We're used to being charged more for heavier bags, but what about the people carrying them?
Well, in the Journal of Revenue and Pricing Management, Dr Bharat P. Bhatta looked at how airlines could charge overweight fliers more.
It might sound like an idea that has fat chance of succeeding, but it makes sense. For airlines, every extra kilogram means more expensive jet fuel must be burned, which leads to CO2 emissions and financial cost.
And it's not just a pipe dream. Samoa Air now charges its passengers by the kilogram. You pay 1 tala (29p) a kilo - traveller and baggage combined - on the airline's shortest route and 3.8 tala (£1.10) for the longer routes.
This is the fairest way of travelling. There are no extra fees in terms of excess baggage or anything - it is just a kilo is a kilo," chief executive Chris Langton told ABC Radio.
Dr Bhatta put forward three ideas for pay-as-you-weigh pricing.
The first is a straightforward price per kilogram for both passengers and their luggage. A passenger’s luggage and body weight would be calculated, with the fare comprising a per kilo cost. This is the one Samoa Air is using.
The second idea is a 'base fare' plus or minus an extra charge. Airlines would set a fixed low fare, with heavier passengers paying a surcharge and lighter passengers being offered a discount.
The professor's final suggestion is for passengers to have the same fare if they have an average weight, but this could be discounted for weights below a certain limit or added to for excess weight above it. This would result in high, average and low fares for each flight.
His suggestions received the backing of 48% of those questioned in a poll by the website Holiday Extras. Over half (51%) of men were in favour of overweight people paying more to fly, compared to 43% of women.
The case for the fat tax
One particular personal incident makes me think an airline 'fat tax' is a great idea. I was on the second leg of a long journey to Costa Rica (not that I’m one to name-drop exciting travel destinations, you understand) and was seated in the middle seat of a row of three.
My hopes of a relaxing journey were cruelly dashed when a very overweight American man headed for the seat next to me. “Can I move the armrest?” he asked - it was clearly impossible for him to sit down otherwise.
To this day I am at a loss as to why I just agreed and dutifully raised the armrest. The next four hours were spent grumpily squashed into half my seat, cursing my lack of assertion, while the fat man spilled over into my seat.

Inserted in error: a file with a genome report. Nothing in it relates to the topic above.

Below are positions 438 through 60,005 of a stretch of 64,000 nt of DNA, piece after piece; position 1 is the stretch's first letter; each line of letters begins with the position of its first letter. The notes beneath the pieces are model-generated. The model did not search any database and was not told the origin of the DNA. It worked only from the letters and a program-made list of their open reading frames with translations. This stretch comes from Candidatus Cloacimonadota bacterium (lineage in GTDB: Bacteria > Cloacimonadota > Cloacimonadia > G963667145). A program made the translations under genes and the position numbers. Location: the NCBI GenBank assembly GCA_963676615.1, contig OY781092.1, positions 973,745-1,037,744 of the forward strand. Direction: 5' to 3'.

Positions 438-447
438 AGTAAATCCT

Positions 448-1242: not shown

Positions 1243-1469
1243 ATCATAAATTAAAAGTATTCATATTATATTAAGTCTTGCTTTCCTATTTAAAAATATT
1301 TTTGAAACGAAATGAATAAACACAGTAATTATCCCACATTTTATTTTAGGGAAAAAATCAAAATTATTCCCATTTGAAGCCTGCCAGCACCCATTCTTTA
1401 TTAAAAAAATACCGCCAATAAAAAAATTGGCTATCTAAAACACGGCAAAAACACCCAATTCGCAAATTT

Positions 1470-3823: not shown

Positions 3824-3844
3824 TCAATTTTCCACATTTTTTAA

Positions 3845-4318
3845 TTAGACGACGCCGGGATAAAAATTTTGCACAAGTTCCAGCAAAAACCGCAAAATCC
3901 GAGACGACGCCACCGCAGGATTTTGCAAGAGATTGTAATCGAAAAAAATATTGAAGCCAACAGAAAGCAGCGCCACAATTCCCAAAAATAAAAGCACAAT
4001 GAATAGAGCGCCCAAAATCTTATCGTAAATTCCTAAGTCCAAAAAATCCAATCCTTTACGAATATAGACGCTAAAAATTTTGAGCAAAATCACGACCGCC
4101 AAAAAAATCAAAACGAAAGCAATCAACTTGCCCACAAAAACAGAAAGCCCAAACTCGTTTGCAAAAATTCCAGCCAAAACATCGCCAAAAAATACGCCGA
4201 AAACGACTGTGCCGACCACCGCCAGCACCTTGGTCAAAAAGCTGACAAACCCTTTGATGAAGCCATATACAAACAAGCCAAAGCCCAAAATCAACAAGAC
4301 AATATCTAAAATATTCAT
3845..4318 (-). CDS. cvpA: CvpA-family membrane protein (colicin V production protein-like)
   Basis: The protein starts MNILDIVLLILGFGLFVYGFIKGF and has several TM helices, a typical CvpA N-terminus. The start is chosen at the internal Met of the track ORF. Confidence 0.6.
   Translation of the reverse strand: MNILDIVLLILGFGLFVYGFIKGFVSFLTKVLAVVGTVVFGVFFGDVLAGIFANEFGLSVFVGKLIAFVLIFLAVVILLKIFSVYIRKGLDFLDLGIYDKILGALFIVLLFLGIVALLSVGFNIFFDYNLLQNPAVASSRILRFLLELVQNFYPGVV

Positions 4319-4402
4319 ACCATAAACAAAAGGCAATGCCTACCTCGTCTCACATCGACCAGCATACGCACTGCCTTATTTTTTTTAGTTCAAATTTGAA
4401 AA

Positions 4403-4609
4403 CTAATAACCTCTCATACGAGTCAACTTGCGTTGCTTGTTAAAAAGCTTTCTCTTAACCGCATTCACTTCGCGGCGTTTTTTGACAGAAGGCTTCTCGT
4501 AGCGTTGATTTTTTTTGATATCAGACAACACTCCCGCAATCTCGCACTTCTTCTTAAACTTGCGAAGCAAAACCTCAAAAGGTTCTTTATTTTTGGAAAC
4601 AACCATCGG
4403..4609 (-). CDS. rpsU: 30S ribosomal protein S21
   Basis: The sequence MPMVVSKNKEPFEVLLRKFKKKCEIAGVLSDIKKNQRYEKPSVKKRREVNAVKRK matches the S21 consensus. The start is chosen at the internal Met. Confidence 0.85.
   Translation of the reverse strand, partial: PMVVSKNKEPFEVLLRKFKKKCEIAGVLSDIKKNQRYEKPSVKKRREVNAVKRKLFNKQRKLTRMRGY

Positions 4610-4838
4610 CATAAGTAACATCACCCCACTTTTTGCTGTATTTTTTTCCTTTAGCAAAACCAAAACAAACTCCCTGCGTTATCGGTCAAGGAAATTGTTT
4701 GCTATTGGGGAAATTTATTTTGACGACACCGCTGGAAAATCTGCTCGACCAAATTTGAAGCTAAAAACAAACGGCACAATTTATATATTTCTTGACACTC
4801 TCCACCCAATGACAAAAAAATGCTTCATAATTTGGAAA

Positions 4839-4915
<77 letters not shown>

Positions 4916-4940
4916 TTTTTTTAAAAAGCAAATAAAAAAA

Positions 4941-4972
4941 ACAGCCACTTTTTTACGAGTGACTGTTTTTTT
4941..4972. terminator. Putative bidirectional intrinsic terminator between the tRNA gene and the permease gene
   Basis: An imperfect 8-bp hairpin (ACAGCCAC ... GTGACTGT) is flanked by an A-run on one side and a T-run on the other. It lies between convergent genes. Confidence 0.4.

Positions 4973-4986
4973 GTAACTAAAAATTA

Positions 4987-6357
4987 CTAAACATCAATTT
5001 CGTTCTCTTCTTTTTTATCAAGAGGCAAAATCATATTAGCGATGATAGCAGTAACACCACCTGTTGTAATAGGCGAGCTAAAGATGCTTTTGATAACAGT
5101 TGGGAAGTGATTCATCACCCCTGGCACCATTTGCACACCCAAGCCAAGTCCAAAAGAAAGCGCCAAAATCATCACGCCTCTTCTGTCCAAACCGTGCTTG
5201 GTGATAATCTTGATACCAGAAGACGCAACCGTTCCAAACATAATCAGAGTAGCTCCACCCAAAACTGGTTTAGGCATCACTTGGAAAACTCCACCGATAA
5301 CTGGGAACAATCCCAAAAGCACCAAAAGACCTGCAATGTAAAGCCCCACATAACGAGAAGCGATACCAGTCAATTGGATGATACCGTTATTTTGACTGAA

As well as spending the whole flight cramped and uncomfortable, I was angry. I’d paid almost £1,000 for a plane ticket yet had somehow ended up with half a seat. And as for health and safety, this guy wasn’t going anywhere in a hurry, even if the plane was on fire.
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The fat issue
Passenger obesity has become a big issue for airlines over the past few years. Around 22% of Brits are now classed as obese, compared to 32% of Americans.
In simple terms, the heavier the flight the more fuel a plane needs. Supposedly that’s why passengers are charged for excess baggage, although obviously it’s a money-making exercise too.
Some airlines already have policies that require obese customers to pay more. US-based Southwest Airlines has a “Customers of Size” policy, which requires passengers to buy a second seat if they can't fit between the armrests. Southwest's seats measure 17 inches across.
Samoa Air, of course, charges travellers by weight rather than pay for a seat.
Would a fat tax work?
In theory, making passengers who need more than one seat on a plane pay for an extra seat sounds like a good idea. But monitoring and implementing such a strategy is another issue altogether.
Essentially, judging people on weight rather than size is a flawed concept. If scales were introduced at the check-in desk it could result in some perfectly proportioned people being accused of being overweight.
The most widely recognised way to calculate whether someone is over or under-weight is body mass index (BMI).
Your BMI is calculated by dividing your weight in kilograms by your height in metres squared. The trouble is BMI doesn’t take muscle mass and body-fat percentage into account. According to BMI calculations former England rugby player Jonny Wilkinson was overweight when he was at his prime.
Measuring someone’s waist circumference would be a much better way to assess passengers rather than simply making them get on the scales. Or airlines could simply see if a passenger fits in a single seat - and make them buy another seat if they don’t.